- The unpaid money which includes any dollar sum not accounted for and accrued interest from the previous billing period can be referred to as the average outstanding balance.
- The average outstanding balance can be used by investors who may be buying a portfolio of credit cards to calculate the investments profitability capability.
- Monthly reports on the average outstanding balances on active accounts in addition to the past due amounts are usually given to credit agencies.
- One of the factors present in the credit score of a consumer is the average outstanding balance on his loans and credit cards.
- Two of the factors which affect the credit score of a borrower are the outstanding balances and how quickly debts are repaid.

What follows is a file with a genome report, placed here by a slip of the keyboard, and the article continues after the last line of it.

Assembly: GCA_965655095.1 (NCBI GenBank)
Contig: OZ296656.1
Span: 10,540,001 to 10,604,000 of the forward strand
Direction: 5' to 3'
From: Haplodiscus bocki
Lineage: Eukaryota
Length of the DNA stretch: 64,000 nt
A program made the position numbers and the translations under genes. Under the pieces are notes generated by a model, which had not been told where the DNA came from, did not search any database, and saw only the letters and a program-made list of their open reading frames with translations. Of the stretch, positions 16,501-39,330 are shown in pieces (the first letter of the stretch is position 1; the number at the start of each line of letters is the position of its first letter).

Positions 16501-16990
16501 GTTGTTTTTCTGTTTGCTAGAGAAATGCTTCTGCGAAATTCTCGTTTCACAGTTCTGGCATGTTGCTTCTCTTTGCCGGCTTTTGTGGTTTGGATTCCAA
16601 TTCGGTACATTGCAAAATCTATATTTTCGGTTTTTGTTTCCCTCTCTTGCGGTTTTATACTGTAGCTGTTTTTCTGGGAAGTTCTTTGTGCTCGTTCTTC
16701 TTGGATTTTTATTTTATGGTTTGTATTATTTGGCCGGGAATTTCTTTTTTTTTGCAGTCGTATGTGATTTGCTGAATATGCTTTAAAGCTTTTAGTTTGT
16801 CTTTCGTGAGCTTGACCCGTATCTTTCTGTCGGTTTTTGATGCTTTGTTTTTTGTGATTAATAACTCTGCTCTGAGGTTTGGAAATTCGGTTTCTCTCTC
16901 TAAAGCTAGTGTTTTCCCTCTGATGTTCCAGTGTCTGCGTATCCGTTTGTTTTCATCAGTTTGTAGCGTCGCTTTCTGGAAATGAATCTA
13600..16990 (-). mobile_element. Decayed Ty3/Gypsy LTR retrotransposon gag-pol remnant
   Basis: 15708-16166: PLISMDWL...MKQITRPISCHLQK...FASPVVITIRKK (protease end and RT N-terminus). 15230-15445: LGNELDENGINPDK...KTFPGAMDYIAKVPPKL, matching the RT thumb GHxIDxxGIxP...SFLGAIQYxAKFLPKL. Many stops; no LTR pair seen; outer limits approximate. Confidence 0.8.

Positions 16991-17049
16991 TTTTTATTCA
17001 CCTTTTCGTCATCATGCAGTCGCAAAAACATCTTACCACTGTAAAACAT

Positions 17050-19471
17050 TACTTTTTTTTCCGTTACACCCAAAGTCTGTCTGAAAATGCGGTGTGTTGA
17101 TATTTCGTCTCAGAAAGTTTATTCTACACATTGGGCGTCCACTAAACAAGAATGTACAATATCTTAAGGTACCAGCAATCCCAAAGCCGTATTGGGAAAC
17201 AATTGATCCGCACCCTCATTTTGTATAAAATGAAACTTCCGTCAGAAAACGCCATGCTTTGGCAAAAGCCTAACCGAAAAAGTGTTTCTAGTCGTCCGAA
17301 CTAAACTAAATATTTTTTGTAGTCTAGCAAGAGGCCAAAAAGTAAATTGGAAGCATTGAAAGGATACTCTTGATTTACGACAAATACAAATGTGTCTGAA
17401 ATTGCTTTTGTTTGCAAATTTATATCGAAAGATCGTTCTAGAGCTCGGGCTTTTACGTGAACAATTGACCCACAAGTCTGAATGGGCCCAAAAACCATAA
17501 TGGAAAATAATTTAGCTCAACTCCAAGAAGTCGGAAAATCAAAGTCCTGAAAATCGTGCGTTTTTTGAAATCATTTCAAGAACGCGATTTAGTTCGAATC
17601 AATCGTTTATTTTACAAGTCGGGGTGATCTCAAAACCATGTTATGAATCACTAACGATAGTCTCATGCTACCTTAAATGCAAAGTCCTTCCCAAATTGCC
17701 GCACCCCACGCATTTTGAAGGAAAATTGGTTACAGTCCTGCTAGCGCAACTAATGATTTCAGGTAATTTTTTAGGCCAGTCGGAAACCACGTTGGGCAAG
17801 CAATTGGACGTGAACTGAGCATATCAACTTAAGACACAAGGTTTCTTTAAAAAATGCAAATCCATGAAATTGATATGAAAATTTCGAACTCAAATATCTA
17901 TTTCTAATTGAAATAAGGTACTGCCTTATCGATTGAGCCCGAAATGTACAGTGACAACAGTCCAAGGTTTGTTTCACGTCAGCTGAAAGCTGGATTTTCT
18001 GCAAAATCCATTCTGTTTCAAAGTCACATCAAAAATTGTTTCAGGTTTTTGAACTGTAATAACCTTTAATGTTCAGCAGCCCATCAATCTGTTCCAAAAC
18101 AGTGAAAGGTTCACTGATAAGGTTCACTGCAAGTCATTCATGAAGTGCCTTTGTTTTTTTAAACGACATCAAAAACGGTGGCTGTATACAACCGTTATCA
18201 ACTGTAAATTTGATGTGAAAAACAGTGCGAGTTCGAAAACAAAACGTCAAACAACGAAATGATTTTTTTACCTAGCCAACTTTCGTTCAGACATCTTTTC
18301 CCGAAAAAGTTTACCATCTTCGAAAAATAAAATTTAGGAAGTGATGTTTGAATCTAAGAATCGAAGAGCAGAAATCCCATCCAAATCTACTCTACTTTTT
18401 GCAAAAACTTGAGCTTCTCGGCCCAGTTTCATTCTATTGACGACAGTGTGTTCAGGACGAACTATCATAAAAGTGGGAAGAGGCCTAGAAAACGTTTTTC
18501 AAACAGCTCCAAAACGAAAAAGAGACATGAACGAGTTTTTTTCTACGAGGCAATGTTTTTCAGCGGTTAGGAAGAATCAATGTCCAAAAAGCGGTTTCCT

Interest on Average Outstanding Balances
The monthly interest on a given credit card is usually measured with an average daily outstanding balance by a majority of credit card companies. As credit card users buy commodities and pay with their card throughout the month, the outstanding balances continue to pile up. When an average daily balance method is used by a credit card company, it gives room for the company to charge a little higher interest than normal after taking the card owners monthly balances into consideration. In some credit cardholders statements, details of the average outstanding balance are usually provided. This provision simply indicates the total daily remaining balance during the billing period.
Credit Score Factors